The 2020 COVID-19 pandemic has created a difficult trade-off for policymakers (Boeri et al. 2020). On the one hand is the need to impose strict social containment, also known as lockdown, to slow the spread of the virus and protect populations at risk while helping hospitals with limited intensive care units to cope with the number of infected patients – a policy objective that is often labelled ‘flattening the curve’ (Anderson et al. 2020). On the other hand, lockdowns have important negative consequences. First, they drastically reduce the civil liberties of citizens who see their right to travel freely limited to a minimum. Second, lockdowns will have dramatic consequences for the economy, in the short-term and the long-term. Evidence shows that experts and citizens alike share concerns about the human and economic costs of lockdowns (Baldwin and di Mauro 2020, Fetzer et al. 2020).
This policy trade-off has placed the state under a spotlight. Governments need to make hard decisions that can further destabilise or reinforce their authority. In times of crisis – after a natural disaster, for instance – a government’s policy response can rally citizens around the flag and fortify their support for institutions (e.g. Bechtel and Hainmueller 2011, Healy and Malhorta 2009). Or, such crises can shift citizens’ views of these institutions, even leading to a regime change (e.g. Acemoglu and Robinson 2001, Aidt and Leon 2016). In a new paper, we document how COVID-19 lockdowns have affected citizens’ trust in their incumbents and institutions in the context of democratic Western Europe (Blais et al 2020). We find that the lockdowns have increased support for the democratic status quo: citizens report being more likely to vote for the incumbent, trusting in the government, and satisfaction with democracy.
A unique cross-country survey conducted during the outbreak
We take advantage of an online representative cross-national survey focusing on key political attitudes from 15 Western European countries that was undertaken in March and April this year. Responses to the survey came both before and after the introduction of lockdown measures and so are able to capture the short-run dynamic of attitudinal change during the process of social confinement. The survey covers indicators of both specific political support – i.e. indicators that relate to current political leaders or governments – and diffuse forms of political support, related to trust in an institution or a regime. To identify the date at which the lockdown became operative, we relied on the data gathered by the Oxford COVID-19 Government Response Tracker, which defined lockdown as nationwide and strictly enforced social confinements. Seven countries surveyed, including the UK, France, Italy, and Spain, enforced such a lockdown over the survey period (to avoid data error, countries like Germany, where the containment policy was decided at the subnational level, were excluded). Because of the timing and method of the survey, some respondents were surveyed before their countries’ lockdown, and some after. Our main independent variable is therefore a dummy variable taking the value of 1 if the respondent was surveyed after their country’s lockdown enforcement date.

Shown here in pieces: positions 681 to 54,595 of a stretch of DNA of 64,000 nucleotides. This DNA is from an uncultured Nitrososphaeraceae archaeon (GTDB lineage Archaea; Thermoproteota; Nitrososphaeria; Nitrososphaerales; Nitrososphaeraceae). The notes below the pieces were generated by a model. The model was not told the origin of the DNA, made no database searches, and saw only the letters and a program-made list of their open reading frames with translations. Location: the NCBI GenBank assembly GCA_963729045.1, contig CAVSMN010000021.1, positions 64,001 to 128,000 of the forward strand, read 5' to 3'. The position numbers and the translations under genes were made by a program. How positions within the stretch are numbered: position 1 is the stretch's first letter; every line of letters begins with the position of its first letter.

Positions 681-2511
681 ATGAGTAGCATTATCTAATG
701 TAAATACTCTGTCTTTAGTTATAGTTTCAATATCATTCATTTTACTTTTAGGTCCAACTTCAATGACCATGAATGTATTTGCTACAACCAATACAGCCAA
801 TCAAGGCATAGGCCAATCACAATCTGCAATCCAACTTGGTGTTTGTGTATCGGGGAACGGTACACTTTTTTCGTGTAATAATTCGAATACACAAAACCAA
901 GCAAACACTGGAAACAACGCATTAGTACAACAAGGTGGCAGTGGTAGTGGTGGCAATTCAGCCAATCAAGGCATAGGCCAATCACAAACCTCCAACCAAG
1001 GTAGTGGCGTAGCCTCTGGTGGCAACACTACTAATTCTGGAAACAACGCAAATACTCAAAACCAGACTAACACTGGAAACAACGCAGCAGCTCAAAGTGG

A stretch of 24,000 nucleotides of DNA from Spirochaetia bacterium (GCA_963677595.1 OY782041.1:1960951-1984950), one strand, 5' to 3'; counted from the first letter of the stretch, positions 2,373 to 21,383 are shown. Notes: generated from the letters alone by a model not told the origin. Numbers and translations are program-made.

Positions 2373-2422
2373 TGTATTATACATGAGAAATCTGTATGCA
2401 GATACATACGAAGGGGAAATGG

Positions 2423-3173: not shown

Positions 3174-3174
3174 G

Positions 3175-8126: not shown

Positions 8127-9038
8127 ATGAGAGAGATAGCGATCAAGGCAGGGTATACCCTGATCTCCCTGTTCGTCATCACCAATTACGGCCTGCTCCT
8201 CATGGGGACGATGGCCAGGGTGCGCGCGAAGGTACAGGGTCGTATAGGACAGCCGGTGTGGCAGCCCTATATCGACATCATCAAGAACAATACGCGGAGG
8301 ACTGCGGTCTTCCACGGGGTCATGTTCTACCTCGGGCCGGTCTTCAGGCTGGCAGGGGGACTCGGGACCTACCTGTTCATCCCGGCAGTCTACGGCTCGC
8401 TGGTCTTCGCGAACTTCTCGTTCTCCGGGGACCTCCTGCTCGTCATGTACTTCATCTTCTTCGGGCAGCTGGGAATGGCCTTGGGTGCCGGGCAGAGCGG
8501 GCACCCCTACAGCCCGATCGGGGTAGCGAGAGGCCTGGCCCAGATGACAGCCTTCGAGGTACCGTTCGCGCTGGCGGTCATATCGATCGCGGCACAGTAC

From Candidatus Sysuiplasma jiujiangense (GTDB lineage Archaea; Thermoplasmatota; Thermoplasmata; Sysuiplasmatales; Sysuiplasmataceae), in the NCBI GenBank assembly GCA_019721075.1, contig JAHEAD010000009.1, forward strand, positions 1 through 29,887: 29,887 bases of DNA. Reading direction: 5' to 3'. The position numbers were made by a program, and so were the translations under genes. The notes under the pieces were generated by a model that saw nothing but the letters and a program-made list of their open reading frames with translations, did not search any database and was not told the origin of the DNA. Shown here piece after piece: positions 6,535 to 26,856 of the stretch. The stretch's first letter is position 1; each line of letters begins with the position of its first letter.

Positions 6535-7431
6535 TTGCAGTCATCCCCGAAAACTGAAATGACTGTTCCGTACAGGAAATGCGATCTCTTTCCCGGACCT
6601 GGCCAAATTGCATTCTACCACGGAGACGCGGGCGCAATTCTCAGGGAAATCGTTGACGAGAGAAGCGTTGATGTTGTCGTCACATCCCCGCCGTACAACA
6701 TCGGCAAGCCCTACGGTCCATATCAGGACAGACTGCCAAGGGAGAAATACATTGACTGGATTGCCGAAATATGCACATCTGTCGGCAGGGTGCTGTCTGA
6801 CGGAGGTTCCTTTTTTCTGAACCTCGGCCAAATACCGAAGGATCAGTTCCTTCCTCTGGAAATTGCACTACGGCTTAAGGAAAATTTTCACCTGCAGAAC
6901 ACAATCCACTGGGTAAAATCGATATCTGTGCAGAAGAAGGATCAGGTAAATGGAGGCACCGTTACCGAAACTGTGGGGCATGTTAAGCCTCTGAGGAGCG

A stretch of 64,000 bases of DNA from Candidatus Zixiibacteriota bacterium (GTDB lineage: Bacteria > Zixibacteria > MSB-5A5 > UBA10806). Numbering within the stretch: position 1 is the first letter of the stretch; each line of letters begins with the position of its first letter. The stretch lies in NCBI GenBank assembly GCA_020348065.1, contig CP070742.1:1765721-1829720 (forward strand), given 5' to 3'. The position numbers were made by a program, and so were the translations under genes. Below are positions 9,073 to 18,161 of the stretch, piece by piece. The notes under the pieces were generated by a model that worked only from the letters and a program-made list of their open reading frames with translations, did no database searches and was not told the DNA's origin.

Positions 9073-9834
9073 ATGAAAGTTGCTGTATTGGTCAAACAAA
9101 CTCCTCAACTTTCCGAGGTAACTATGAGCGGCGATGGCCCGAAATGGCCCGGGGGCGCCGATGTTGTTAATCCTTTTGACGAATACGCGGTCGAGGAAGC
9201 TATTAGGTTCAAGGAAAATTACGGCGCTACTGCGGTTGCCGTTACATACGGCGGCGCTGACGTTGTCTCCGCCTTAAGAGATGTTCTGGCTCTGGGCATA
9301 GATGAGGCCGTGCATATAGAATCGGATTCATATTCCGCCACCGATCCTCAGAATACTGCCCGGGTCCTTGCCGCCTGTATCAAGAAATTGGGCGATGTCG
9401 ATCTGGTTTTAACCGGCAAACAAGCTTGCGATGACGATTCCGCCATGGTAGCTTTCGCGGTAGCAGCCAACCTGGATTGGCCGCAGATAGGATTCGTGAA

Figure 1 Effect of COVID-19 lockdown
a) effect on support for incumbent leader
b) effect on satisfaction with democracy
c) effect on trust in government
Source: Blais et al. (2020).
The graphs above plot the effect of lockdown enforcement on key political attitudes. The graph at the top shows that in countries with a lockdown introduced during the survey period, voting intention for the party of the incumbent prime minister or president increased by 4%. The middle graph and bottom graph show, respectively, that satisfaction with democracy and trust in government also increased by 2%. The results are net of incidence of COVID-19 in the country, as well as from the effects of a set of standard sociodemographic variables. They appear to be stable across different specifications, giving us confidence in their robustness.
It is worth pausing on the fact that the documented results pertain to the full lockdown policy, whereas policy restrictions of milder orders, including school and workplace closings, entailed no effect on political attitudes. Moreover, the lockdown had no effect on individuals’ self-position in the left-right ideological scale. This allows refining our overall picture, suggesting that the enforcement of the lockdown was not perceived as an ideological decision.
Our findings bring good news for democracy, or at least for status quo democratic institutions. An argument could be made that dictatorships are better equipped to make the tough and drastic decisions required in a pandemic crisis, while democratically elected governments would be too prudent to adopt the necessary stringent measures. Instead, most democratic governments have enacted stringent confinement measures and been rewarded with increased support. Perhaps most importantly, lockdowns have produced higher satisfaction with the way democracy works. Apparently, most citizens understand that strict social confinement is necessary. They appreciate seeing their fears taken into account by their elected governments and even prioritised over economic interests. Even in this populist age, traditional political institutions enjoy some support.
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